Dark Web Leaks: Over 721 Million Passwords Exposed in 2022
If you don’t have an ace password manager generating secure, impossible-to-guess credentials, it might be time to consider one.

Cybercrime analytics firm SpyCloud found 721.5 million exposed login credentials on the dark web in 2022, with nearly half coming from botnet logs.

Researchers also discovered a staggering number of users that had their credentials leaked in breaches last year were reusing the same compromised passwords — around 72% total.

These figures come from SpyCloud’s 4th Annual Identity Exposure Report, which the firm published on Monday.

“Our researchers combed through billions of recaptured data assets from the dark web over the course of 2022, and their analysis brought back a few familiar themes from past years, and also uncovered some alarming shifts in cybercriminal trends,” SpyCloud stated.

Malware-Infected Devices Just as Dangerous as Data Breaches

SpyCloud stated that, contrary to popular belief, data breaches are not the only way login credentials end up on the dark web. In fact, credential-stealing malware is just as big of a threat.

Additionally, malware-infected devices pose a more severe long-term threat to organizations. If they remain undetected, malicious actors operating the malware or botnet can maintain persistence and continue to steal data, even if the victim changes their passwords.

“Over the past few years, we’ve observed that malicious actors are more commonly using a multitude of malware-stolen data assets to impersonate identities,” the firm stated.

“They are gravitating to this tactic — rather than relying on combo lists (username and password pairs) that have been circulating for a while — because it’s more effective and has a greater return on investment,” it added.

Cybercriminals also rely on malware that collects browser session cookies which allows them to carry out further malicious activity. They can use session cookies to steal more sensitive information or use it to bypass multi-factor authentication.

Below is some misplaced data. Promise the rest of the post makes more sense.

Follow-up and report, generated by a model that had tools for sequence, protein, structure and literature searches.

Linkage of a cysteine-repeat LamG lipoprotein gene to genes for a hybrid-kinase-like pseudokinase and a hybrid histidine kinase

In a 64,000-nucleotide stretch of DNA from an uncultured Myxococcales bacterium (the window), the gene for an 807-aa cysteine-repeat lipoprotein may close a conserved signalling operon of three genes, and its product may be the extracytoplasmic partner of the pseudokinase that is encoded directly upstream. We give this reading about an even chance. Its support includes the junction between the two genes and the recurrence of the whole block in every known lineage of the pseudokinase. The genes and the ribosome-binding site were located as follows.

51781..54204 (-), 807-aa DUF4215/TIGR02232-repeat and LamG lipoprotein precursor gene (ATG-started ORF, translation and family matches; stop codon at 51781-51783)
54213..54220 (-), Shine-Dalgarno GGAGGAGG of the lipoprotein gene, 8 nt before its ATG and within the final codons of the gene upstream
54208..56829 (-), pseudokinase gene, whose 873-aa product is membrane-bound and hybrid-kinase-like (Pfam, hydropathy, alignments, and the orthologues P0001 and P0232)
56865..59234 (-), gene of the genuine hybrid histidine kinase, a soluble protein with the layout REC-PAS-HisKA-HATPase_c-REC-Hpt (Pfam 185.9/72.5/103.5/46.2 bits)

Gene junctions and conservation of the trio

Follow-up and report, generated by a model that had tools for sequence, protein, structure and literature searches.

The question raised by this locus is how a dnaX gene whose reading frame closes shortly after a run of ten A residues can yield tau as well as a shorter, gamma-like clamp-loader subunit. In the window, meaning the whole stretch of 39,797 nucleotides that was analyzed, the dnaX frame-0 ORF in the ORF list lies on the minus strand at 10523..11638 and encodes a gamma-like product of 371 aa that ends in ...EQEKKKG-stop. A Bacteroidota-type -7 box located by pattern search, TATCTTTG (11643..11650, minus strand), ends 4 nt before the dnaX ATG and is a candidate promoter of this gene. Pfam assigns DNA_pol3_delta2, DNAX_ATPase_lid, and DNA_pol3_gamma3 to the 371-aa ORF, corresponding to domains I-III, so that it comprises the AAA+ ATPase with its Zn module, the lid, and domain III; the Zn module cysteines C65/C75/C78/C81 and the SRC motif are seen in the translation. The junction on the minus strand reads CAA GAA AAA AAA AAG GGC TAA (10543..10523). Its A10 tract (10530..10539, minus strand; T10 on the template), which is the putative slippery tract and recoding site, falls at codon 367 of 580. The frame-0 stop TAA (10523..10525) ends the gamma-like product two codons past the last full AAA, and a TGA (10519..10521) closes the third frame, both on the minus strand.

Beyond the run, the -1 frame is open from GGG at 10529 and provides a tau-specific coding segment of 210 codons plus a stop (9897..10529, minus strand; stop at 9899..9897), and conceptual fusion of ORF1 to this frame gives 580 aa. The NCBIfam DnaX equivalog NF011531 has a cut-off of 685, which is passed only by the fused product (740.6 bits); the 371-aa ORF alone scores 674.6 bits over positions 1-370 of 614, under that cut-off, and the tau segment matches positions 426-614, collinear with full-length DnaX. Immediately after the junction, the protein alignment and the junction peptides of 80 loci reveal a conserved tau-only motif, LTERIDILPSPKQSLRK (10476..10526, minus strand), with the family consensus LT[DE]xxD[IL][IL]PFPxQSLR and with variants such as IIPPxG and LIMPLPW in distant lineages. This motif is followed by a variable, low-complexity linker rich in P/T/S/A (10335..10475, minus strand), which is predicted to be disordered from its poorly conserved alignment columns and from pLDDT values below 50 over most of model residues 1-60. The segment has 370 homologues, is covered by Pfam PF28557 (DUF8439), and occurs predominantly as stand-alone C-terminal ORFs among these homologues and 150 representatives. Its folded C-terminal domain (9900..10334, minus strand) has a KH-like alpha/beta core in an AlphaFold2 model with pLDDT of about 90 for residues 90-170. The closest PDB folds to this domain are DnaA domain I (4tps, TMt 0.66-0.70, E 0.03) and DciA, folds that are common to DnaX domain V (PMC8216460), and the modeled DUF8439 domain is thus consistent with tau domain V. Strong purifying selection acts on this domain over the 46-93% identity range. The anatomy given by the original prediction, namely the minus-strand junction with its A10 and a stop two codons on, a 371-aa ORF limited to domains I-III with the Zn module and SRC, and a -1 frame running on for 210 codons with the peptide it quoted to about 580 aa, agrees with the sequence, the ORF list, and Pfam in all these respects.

Poor Password Hygiene Rampant in 2022

The report highlighted that password reuse numbers did not improve last year. SpyCloud found that nearly 72% of users exposed to two or more breaches used recycled passwords. Furthermore, it found that pop culture passwords remained a popular phenomenon.

“It appears that Swifties take their love of Taylor to the next level by using her name in their passwords, or at least 186K of them did. And another pop star, Bad Bunny, Spotify’s most streamed artist of the year, also showed up in 141K passwords we recaptured last year,” SpyCloud stated.

Ultimately, organizations cannot afford to overlook poor password hygiene, as it remains a major target for malicious actors for initial access to corporate networks. Once a criminal enters a victim’s IT environment, they could steal more sensitive company data or infect the network with ransomware.

Using a password manager is a good starting point to prevent some of the common mistakes that allow bad actors to easily enter networks. We also recommend that small business owners check out our beginner’s guide to cybersecurity for more useful tips.

Leon's avatar
I definitely need better passwords 🙈
Todor Kostov's avatar
@umerraja Concerning ...
Joey Hirendernath's avatar
Some serious cause for concern...I am going to I need to look into getting a password manager.



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